What are BCF – Butyl Coated Foams?
On the surface, butyl coated foams are simply slightly tacky sealants. It’s when we cut into the material that the secret of this versatile water barrier is revealed. Outside, the butyl jacket creates a uniform finish. Inside, however, the foam core adds a compressible PVC backbone to the product. That’s an invaluable feature, and here’s why.
Deconstructing Butyl Coated Foams
Designed to stop water from penetrating gaps in rigid doorways, the dual properties of a BCF sealant are easy to relate. Primarily, the butyl coating forms a weather-resistant barrier. Enter the PVC foam core, a central stratum that adds an important compressibility feature to the sealant. In essence, the foam-backed synthetic rubber keeps right on functioning when a rigid door slams closed. Cars or recreational vehicles, freezers or marine access ways, the twofold barrier won’t fail.
Seals Tricky Access Way Outlines
If we take a look at a modern car or even a newly introduced motorhome, the first thing we notice is all of that streamlined bodywork. Doors lie flush against the car chassis, numerous windows contour around the recreational vehicle, and there’s barely any sign of a break or line between the bodywork parts. Superb design skills and intricate latching mechanisms make those doors shut securely. Similarly, the windows snap shut with a solid click. Butyl coated foams (BCF) are required to maintain that sealing power, especially when those entry portals use heavy sealing mechanisms. The outer synthetic rubber conforms to the latching metal parts, contours around the intricate outlines of a sharp door corner, and fills every irregular gap. Meanwhile, as the door or window snaps shut, the PVC core compresses promptly while maintaining the integrity of the seal.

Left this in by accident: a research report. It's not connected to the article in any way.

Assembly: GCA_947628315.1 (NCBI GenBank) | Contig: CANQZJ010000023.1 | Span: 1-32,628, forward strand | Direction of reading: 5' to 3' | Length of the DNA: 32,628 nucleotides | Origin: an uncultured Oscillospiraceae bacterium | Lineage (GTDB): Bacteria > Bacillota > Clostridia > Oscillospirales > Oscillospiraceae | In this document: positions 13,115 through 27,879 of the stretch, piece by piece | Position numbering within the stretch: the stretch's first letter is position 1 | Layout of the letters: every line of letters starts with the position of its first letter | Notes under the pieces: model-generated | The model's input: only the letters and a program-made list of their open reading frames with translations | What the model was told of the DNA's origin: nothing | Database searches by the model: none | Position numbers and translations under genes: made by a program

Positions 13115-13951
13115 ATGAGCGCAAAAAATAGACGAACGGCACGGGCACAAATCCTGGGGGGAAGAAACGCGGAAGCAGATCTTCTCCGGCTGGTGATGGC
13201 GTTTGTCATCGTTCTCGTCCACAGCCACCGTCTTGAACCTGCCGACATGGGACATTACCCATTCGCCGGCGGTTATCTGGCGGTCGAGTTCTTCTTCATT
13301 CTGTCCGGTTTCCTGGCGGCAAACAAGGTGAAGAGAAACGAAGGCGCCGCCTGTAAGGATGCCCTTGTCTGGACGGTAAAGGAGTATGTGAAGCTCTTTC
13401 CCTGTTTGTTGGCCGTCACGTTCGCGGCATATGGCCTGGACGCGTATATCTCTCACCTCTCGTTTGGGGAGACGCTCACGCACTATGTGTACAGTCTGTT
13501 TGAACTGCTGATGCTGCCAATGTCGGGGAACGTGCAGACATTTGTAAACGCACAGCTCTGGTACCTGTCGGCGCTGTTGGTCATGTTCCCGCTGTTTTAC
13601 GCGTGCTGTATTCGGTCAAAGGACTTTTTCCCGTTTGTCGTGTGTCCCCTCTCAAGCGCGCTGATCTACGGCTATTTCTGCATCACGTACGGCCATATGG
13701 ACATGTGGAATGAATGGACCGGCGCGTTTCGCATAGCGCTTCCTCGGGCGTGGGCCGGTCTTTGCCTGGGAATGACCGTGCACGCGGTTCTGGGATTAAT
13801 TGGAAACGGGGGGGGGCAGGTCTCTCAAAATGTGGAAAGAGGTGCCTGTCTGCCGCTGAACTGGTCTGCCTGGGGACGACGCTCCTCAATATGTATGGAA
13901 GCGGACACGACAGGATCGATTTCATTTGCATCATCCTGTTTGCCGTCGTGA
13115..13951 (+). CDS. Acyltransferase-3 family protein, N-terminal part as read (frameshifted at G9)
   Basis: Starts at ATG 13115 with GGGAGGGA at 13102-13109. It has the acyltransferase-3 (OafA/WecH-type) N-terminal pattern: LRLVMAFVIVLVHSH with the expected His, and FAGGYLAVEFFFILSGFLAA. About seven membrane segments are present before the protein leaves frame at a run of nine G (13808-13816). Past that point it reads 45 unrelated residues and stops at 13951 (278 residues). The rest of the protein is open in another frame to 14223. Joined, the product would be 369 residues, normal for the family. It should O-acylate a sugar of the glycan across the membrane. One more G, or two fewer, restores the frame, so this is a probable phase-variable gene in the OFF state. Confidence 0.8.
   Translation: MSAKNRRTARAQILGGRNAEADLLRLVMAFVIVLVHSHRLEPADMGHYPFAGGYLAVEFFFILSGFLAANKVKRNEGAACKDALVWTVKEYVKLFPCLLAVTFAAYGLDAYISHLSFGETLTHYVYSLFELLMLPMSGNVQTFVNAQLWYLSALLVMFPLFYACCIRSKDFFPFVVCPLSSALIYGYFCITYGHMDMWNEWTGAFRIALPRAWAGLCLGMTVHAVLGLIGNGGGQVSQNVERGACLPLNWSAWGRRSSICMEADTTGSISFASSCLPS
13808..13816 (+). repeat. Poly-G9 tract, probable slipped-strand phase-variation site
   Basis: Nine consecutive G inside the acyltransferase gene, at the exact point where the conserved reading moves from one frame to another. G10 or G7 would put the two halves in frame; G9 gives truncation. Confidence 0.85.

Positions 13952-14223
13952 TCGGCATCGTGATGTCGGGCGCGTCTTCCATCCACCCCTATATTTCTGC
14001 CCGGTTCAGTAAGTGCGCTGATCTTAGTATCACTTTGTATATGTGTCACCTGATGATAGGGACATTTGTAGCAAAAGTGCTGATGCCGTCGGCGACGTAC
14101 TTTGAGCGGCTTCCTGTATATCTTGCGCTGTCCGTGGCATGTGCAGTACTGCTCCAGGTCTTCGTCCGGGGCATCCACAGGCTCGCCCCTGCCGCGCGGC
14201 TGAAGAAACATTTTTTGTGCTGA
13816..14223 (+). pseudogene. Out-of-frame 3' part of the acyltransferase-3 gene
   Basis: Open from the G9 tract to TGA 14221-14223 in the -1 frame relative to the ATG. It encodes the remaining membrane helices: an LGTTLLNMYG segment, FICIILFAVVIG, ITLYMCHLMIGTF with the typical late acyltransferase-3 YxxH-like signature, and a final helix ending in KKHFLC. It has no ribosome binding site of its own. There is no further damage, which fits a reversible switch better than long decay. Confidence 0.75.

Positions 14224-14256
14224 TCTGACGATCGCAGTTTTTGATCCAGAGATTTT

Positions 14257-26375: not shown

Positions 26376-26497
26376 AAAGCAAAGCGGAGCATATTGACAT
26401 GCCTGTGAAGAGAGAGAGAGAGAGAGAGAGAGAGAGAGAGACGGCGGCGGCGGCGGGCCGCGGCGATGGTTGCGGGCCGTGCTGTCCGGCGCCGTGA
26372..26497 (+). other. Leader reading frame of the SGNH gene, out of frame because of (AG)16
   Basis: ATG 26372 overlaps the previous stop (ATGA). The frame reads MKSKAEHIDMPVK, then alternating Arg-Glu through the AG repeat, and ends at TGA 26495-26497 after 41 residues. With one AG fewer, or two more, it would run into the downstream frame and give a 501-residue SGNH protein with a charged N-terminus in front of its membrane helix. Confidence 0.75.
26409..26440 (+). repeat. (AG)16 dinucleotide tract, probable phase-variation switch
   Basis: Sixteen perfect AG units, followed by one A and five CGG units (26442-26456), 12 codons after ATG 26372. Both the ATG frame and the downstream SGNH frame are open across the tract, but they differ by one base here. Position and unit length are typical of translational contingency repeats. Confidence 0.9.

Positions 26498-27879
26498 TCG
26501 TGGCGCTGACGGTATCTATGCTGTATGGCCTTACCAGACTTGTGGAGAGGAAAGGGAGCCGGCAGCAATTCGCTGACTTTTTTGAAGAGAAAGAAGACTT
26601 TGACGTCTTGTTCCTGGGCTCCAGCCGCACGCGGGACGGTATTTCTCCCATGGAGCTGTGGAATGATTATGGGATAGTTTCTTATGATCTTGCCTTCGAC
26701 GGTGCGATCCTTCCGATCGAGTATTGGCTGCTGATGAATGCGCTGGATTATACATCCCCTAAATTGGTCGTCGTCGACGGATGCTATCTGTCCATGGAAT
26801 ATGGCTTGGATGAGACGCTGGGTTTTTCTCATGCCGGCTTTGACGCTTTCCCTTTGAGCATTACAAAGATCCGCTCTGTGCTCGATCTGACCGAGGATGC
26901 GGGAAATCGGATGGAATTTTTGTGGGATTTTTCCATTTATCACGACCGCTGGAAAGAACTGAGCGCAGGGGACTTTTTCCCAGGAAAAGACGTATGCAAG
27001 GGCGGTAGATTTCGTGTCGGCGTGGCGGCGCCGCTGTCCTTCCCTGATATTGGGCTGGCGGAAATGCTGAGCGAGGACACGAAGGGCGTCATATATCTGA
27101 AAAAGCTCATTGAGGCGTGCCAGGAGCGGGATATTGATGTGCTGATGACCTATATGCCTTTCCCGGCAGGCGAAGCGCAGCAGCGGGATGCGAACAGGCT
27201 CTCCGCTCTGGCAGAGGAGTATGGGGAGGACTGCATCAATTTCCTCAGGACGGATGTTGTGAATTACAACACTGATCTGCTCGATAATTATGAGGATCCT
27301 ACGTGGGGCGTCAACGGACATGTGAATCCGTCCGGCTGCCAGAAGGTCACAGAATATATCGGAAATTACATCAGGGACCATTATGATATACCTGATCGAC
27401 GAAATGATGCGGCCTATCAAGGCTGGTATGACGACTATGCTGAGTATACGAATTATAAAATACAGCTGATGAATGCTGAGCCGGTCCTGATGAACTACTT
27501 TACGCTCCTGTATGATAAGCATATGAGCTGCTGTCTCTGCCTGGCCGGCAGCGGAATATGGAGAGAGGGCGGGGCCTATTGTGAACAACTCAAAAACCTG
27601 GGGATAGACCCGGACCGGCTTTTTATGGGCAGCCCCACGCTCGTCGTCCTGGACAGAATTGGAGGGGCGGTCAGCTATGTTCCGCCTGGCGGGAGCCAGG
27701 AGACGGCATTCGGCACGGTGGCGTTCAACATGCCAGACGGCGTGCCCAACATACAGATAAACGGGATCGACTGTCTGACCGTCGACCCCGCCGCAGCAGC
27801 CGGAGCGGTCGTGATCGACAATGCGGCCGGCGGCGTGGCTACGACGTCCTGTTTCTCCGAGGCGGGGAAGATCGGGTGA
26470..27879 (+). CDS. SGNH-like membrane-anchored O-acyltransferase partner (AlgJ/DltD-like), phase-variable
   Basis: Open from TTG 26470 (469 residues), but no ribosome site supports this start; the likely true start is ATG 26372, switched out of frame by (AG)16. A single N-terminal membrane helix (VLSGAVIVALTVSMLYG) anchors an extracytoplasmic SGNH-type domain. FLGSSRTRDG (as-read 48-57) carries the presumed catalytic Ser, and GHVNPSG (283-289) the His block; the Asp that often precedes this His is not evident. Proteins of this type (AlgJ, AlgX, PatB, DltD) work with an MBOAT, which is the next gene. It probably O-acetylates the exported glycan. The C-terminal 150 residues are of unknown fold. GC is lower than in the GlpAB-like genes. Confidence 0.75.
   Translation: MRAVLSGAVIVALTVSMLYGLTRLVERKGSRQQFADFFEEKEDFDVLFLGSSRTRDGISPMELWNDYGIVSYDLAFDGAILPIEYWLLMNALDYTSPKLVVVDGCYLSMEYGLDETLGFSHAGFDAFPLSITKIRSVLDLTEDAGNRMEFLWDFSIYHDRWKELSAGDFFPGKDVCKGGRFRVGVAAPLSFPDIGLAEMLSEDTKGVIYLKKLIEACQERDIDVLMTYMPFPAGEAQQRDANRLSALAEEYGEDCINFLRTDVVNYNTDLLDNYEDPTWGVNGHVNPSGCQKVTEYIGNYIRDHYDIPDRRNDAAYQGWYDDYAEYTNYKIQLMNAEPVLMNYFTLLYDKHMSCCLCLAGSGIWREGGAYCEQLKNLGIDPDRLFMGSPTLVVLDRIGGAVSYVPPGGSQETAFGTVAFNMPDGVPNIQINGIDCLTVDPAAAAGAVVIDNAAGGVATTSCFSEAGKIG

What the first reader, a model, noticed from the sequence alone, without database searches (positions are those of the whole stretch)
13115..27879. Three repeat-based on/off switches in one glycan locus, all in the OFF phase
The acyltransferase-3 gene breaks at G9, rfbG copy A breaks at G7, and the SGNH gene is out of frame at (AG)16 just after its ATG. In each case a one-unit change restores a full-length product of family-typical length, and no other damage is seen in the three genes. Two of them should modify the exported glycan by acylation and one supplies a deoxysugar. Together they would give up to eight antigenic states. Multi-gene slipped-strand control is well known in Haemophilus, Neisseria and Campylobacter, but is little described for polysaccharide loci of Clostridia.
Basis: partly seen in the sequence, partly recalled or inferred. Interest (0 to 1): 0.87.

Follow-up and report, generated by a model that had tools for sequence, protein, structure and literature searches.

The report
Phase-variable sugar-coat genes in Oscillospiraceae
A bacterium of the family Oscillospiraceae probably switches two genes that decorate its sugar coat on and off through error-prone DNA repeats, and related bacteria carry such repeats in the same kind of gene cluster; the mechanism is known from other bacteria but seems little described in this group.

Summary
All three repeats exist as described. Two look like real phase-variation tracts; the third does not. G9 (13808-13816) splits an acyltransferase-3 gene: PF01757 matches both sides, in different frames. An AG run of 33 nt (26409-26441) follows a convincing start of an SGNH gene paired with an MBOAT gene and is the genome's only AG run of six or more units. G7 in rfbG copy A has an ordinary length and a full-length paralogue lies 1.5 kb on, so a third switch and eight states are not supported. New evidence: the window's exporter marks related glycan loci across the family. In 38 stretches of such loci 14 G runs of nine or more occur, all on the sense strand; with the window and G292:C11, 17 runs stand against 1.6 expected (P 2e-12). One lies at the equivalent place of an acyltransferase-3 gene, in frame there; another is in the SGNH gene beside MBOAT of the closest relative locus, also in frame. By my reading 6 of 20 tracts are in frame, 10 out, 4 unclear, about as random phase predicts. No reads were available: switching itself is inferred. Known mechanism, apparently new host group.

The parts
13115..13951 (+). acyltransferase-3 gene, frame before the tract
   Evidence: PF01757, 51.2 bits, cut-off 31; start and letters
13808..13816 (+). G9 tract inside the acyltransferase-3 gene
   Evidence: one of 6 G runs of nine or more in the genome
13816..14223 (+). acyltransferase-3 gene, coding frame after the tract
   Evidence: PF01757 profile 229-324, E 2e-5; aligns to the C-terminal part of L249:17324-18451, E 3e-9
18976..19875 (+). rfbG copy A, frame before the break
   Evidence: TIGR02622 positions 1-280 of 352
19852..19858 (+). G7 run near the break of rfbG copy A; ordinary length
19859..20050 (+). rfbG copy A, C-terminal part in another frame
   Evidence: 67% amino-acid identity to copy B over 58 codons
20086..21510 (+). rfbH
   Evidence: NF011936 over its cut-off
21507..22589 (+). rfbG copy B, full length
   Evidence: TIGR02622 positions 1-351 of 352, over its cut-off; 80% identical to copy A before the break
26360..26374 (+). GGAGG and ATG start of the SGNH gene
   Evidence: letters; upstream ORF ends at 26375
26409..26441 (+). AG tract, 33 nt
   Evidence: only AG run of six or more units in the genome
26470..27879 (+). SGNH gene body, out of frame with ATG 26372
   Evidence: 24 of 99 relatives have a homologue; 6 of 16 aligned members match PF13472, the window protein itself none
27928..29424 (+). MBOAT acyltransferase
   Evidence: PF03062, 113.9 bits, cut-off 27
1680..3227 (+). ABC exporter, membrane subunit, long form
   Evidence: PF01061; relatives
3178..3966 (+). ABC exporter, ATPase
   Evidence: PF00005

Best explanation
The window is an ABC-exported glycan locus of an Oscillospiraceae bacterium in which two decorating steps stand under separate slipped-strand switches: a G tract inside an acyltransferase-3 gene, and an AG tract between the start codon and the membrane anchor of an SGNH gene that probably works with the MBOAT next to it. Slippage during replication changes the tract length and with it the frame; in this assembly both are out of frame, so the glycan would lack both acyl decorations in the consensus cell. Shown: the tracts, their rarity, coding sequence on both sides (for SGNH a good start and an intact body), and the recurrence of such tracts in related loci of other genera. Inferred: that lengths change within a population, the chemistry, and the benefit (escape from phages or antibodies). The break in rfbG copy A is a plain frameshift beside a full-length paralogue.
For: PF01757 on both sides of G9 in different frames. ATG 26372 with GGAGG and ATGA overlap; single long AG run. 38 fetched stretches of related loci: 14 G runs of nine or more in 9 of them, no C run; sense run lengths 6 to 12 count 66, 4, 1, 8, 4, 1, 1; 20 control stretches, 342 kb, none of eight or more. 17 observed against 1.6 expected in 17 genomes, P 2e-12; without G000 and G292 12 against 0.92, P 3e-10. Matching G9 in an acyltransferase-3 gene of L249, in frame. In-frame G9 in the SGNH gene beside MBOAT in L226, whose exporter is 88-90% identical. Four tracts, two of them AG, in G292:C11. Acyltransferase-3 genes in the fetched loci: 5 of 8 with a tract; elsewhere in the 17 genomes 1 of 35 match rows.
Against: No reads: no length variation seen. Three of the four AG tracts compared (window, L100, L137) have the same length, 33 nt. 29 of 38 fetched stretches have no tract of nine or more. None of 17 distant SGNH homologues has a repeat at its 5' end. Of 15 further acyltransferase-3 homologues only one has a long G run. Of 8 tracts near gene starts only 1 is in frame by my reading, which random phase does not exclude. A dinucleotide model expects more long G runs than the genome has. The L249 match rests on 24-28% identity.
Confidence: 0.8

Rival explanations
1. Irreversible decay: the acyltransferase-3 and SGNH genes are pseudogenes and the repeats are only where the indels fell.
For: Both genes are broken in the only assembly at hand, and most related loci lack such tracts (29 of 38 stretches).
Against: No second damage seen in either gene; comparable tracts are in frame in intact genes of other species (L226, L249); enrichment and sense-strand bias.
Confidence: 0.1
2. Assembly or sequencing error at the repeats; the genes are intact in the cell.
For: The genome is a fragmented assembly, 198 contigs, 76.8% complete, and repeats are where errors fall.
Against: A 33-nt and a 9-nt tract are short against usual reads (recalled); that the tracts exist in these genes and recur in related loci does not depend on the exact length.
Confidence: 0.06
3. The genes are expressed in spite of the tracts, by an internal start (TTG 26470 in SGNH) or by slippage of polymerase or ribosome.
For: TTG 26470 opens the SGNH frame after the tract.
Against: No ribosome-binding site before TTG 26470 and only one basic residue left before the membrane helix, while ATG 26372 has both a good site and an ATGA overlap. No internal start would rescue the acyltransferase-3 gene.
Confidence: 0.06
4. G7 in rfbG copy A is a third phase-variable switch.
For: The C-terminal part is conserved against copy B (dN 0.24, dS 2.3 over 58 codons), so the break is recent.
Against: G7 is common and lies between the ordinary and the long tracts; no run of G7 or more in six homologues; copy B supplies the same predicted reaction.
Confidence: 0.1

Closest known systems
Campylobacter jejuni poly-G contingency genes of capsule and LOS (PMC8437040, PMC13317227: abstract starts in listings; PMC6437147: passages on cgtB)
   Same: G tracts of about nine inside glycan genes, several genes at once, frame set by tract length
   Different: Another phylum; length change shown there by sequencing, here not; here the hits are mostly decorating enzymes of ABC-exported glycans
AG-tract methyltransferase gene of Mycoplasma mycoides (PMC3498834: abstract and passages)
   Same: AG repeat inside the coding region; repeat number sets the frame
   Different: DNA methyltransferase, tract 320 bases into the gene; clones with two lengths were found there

Maintaining the Sealing Double Act
A cross-section of the extruded tape shows off functionality. As mentioned before, the tacky butyl jacket stops water penetration. Then, if compressive forces are part of the door frame design, the seal calls on the inner foam core when the pressure ramps up. That’s because of the PolyVinyl Chloride core, a foam backbone that strengthens the product by adding elasticity and versatility to any and all compressible door action. Now, that feature obviously benefits a walk-in freezer or a domestic refrigerator, plus it’s also an advantageous asset when car doors slam closed.
Finally, the irregular outlines on a new car or marine craft look amazing, but they’d create big problems if this sealant solution wasn’t around. All of those near seamless doors look good, but their many corners and curves present design challenges for the weatherizing designer. Fortunately, butyl coated foams solve the issue by filling the smallest irregular outlines while delivering a much-needed compressibility feature.
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